Origami authentically merges art and design with mathematical theory, algorithms, and technology. Math is central to learning in STEM, and is a language shared by STEM, art and design (http://cjvrose.com/wp-content/uploads/2012/03/stem-to-steam-report.pdf).
Origami artist Dr. Robert J. Lang of Alamo, California, also a physicist and engineer with expertise in R&D, has written and spoken extensively on these ideas (http://www.langorigami.com/science/science.php). Paper folding artist Michael LaFosse of Origamido Studio (http://origamido.com) in Haverhill, Massachusetts, is a biologist by training and uses organisms as subjects for his art.
There are even conferences about this type of work. The Sixth International Conference on Origami in Science, Mathematics, and Education (6OSME) (http://www.origami.gr.jp/6osme/) will take place at lovely Yayoi Auditorium on the Hongo campus of The University of Tokyo (http://www.u-tokyo.ac.jp/en/) in August 2014. The conference is currently taking submissions from “art, design, mathematics, science, computer science, engineering, liberal arts, history, education, and other fields and their intersections.”
Paper cranes, folded as prayers for peace. Peace Park, Hiroshima, Japan. (Fg2)
Paper folding is something that interests undergraduates, as evidenced by the origami club at MIT, OrigaMIT (http://origamit.scripts.mit.edu/index.php), so it may suggest a new type of active learning for incorporation into university courses, especially those in math and engineering.
The South By Southwest Education Conference Panel Picker is now open! Please click on the image above to vote for a panel on STEAM featuring yours truly with the prestigious Peabody Essex Museum (http://www.pem.org). SXSWEdu is certainly the most innovative education conference out there. Voting will remain open until September 6, 2013.
Vote because you like this blog, vote to promote STEAM at SXSW, and vote because I’ve always wanted to go to Austin!
Thanks, everyone. 🙂
A small team of researchers (Jill Fantauzzacoffin, Juan Rogers, and Jay Bolter) based at Georgia Tech (http://www.gatech.edu) recently some completed interesting work that married an examination of STEAM processes with the development and teaching of an upper-level undergraduate/graduate course (http://ieeexplore.ieee.org/xpl/articleDetails.jsp?tp=&arnumber=6204164&queryText%3Dgeorgia).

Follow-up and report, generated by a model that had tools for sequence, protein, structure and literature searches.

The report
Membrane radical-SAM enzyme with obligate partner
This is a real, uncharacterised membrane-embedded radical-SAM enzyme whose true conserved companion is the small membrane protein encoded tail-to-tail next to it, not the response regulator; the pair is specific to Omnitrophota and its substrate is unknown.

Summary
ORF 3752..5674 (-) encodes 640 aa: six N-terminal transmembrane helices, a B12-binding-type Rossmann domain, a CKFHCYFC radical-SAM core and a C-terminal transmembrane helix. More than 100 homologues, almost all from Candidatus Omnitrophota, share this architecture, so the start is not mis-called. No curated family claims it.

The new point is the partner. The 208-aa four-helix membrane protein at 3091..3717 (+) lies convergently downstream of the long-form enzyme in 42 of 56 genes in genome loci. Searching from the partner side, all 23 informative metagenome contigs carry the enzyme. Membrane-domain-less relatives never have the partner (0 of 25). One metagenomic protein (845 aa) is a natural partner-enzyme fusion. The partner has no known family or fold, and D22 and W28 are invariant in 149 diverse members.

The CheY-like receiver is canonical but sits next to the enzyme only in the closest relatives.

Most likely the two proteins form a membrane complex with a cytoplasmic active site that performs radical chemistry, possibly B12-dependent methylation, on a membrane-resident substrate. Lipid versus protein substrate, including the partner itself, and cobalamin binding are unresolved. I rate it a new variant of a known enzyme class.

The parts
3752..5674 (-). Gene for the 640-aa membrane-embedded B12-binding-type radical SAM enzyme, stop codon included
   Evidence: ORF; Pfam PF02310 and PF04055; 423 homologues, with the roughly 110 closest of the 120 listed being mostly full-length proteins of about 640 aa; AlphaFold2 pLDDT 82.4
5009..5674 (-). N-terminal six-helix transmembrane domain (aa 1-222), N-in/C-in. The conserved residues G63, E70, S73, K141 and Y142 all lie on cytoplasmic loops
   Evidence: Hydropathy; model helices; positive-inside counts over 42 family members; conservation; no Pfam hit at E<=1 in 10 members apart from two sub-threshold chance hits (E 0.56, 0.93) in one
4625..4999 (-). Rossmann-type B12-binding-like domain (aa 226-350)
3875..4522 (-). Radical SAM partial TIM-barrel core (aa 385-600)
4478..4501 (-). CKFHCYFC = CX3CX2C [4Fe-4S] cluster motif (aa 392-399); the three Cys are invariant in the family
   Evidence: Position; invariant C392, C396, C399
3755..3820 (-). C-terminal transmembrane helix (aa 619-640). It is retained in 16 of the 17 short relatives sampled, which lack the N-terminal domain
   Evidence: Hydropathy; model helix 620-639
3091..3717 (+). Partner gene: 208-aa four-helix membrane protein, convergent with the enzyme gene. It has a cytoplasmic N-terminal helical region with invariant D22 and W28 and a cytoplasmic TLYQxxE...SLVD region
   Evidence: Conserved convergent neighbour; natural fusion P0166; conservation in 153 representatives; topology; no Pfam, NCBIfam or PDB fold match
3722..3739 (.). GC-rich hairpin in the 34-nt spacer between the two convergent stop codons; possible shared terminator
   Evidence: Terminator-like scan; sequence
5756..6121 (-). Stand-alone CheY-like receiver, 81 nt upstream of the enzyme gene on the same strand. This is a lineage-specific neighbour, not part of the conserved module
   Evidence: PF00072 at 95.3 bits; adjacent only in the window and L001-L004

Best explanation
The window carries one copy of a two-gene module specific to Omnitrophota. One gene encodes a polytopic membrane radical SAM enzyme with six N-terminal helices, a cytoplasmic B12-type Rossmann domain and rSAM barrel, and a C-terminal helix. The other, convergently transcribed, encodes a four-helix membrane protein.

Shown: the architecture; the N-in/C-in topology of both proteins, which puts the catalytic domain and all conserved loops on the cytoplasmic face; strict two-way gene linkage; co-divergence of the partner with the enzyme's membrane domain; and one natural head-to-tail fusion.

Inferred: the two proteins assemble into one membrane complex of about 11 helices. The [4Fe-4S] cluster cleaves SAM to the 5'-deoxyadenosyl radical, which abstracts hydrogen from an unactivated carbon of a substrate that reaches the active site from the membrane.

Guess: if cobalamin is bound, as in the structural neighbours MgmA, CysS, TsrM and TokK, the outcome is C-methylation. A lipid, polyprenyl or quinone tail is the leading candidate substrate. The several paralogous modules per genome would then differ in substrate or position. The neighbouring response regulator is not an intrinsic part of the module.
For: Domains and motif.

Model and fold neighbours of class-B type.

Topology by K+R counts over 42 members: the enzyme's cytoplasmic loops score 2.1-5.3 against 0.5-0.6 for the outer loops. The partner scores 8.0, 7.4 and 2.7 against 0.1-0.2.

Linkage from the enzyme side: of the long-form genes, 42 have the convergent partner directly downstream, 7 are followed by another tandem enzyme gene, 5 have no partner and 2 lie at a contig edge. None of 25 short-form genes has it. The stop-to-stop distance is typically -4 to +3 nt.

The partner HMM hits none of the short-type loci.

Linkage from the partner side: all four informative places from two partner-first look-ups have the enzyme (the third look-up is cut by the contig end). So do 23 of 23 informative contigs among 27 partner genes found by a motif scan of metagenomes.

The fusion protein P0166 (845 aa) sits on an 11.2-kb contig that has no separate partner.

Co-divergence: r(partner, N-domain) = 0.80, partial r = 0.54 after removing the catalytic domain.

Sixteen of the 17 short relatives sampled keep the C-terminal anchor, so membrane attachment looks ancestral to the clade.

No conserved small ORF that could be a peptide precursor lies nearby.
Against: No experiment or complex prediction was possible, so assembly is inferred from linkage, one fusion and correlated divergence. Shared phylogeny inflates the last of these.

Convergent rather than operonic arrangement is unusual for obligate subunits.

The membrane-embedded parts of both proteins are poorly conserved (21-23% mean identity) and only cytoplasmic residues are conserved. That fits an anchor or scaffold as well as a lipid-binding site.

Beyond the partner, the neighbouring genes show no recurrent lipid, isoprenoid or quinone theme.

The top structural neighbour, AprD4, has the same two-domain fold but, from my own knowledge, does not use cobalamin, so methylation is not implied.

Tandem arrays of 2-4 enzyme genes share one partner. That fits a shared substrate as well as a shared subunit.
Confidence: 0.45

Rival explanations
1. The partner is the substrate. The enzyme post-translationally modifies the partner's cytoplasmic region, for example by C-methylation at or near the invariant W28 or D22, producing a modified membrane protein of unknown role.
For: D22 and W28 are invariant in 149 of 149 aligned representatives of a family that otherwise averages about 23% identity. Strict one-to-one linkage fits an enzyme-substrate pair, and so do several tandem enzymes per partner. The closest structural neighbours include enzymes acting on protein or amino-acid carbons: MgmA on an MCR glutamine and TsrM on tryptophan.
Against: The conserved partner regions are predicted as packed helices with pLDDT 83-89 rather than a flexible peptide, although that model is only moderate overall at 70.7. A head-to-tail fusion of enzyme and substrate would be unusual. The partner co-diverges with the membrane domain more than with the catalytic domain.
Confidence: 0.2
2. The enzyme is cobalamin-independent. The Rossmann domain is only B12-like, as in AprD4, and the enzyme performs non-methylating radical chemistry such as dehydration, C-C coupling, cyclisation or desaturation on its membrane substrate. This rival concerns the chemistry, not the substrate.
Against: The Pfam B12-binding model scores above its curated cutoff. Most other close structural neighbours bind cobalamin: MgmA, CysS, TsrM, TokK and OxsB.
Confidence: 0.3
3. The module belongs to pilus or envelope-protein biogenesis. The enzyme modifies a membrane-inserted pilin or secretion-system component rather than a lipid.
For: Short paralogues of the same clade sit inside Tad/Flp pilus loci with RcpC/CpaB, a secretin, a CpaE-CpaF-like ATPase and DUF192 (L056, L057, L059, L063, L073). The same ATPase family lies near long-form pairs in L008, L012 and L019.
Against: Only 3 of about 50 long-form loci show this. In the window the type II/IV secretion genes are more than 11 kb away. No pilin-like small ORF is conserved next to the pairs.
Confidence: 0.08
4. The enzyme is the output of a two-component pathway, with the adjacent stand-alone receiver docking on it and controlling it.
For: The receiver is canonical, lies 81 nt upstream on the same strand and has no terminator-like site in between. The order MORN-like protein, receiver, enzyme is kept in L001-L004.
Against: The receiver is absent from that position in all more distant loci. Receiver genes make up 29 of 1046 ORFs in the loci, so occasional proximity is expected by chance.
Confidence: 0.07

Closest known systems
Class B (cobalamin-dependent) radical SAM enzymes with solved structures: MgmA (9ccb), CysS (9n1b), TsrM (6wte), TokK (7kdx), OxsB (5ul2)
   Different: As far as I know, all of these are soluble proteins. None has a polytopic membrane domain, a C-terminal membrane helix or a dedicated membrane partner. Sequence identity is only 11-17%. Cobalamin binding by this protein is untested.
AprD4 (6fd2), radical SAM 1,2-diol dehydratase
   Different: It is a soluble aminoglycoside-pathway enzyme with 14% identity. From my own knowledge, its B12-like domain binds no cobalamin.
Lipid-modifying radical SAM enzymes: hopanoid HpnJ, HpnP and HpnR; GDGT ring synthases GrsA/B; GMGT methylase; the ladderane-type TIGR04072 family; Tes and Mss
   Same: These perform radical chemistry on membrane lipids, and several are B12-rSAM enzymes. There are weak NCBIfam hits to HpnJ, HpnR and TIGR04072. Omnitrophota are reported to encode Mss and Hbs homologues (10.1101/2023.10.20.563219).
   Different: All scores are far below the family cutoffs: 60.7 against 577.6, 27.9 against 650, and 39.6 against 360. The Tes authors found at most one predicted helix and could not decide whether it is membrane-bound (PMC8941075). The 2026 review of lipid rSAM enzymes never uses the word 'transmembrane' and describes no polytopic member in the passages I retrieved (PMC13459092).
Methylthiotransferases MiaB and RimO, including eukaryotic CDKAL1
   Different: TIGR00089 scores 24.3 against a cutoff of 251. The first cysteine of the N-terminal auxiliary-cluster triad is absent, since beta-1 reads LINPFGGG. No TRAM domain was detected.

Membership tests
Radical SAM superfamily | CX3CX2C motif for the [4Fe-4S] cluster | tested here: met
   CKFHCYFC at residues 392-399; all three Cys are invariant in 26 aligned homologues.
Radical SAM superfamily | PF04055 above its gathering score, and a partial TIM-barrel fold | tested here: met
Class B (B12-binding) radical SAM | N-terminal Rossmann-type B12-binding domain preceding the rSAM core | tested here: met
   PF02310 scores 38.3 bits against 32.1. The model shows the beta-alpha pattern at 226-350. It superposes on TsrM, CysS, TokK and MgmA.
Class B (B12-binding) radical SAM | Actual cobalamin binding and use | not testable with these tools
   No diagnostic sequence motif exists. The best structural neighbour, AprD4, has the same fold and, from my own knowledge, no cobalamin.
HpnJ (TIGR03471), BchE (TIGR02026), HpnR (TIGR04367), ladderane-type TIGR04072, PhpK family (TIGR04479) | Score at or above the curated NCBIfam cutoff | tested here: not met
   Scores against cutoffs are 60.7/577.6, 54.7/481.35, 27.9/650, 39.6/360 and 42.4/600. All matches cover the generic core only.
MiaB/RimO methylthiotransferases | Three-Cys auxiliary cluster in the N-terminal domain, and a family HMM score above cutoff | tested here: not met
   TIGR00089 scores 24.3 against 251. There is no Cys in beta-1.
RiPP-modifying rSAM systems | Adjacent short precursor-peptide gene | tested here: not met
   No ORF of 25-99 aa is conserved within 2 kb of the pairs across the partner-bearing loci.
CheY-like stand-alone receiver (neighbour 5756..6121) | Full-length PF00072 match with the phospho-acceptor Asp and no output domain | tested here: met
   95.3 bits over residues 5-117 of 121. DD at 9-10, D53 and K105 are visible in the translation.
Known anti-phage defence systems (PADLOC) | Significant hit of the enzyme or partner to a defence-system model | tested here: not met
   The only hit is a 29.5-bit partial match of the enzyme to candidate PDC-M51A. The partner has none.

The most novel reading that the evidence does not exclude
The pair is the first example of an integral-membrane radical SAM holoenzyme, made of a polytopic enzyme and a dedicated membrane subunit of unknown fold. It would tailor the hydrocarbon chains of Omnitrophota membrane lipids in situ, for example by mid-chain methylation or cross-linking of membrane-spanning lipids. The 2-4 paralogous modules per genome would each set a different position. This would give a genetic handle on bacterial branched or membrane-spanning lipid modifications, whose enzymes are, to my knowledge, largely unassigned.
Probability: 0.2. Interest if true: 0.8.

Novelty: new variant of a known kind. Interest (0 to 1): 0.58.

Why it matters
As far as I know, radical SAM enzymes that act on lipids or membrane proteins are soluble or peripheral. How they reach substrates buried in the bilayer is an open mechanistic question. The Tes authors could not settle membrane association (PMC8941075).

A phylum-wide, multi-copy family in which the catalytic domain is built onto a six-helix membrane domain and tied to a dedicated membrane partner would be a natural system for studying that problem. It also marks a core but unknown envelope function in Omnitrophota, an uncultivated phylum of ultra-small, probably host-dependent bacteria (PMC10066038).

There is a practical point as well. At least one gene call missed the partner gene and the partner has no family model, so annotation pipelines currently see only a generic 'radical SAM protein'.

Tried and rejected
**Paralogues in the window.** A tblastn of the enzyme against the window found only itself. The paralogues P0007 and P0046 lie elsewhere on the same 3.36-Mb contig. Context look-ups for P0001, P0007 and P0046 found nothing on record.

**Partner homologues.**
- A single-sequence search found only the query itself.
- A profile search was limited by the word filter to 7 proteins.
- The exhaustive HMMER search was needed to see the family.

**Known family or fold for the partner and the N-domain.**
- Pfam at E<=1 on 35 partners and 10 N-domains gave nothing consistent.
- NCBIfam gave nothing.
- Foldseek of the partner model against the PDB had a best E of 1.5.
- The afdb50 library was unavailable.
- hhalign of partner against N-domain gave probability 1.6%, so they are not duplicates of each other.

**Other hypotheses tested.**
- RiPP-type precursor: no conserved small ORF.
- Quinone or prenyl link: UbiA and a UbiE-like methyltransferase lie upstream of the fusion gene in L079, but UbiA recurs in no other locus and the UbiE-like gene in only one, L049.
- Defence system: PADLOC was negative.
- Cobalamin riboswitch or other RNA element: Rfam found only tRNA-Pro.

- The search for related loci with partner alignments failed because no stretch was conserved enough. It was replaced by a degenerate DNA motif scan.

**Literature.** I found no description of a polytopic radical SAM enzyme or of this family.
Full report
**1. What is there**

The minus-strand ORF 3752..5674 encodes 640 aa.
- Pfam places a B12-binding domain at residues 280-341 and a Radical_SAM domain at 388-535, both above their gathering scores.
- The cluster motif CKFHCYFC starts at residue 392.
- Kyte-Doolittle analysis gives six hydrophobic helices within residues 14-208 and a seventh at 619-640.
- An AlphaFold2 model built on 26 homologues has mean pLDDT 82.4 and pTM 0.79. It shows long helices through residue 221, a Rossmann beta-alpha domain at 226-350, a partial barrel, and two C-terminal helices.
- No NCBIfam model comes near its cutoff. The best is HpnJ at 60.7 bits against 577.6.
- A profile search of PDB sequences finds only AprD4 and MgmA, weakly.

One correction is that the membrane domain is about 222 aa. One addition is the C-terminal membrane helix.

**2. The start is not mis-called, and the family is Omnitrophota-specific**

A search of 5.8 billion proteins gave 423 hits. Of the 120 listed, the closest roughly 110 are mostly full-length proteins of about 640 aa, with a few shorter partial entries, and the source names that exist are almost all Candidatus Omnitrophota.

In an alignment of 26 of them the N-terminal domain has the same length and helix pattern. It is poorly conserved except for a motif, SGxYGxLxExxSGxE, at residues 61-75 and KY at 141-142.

The researchers examined the work of engineers and artists who were working to create similar technologies. For both, innovation was born of problems and questions that the individual makers found compelling, and creativity was tied to subjectivity. The maker’s response to failure and uncertainty were significant with regard to the products of the work.
Chief green wall designers at Green over Grey – Living Walls and Design (Green Artist)
Engineers tended to use a teleological creative strategy that involved working toward a well-defined design goal. The work toward this goal begins with a body of accumulated knowledge and is tested against this knowledge throughout the process, minimizing uncertainty. Artists tended to take a “random walk”, a stochastic creative strategy, to explore a more general direction for exploration. They also work within constraints, but constraints that are in some ways less explicit. The artists were guided by an internal sense of authenticity. In comparison to the teleological approach of the engineers, the stochastic method resulted in wider exploration and the inclusion of more sociocultural concerns.
The project-based course served both art and engineering students in a studio setting where they could learn from both disciplines. The class was small, just 13 students. Students worked through the design process three times with lots of support. They were told to follow ideas that they themselves found compelling, and they were allowed to fail, and were expected to work within both of the teleological and stochacistic creative strategies. Students made their process explicit, thereby becoming familiar with metacognition, a characteristic of expert learning.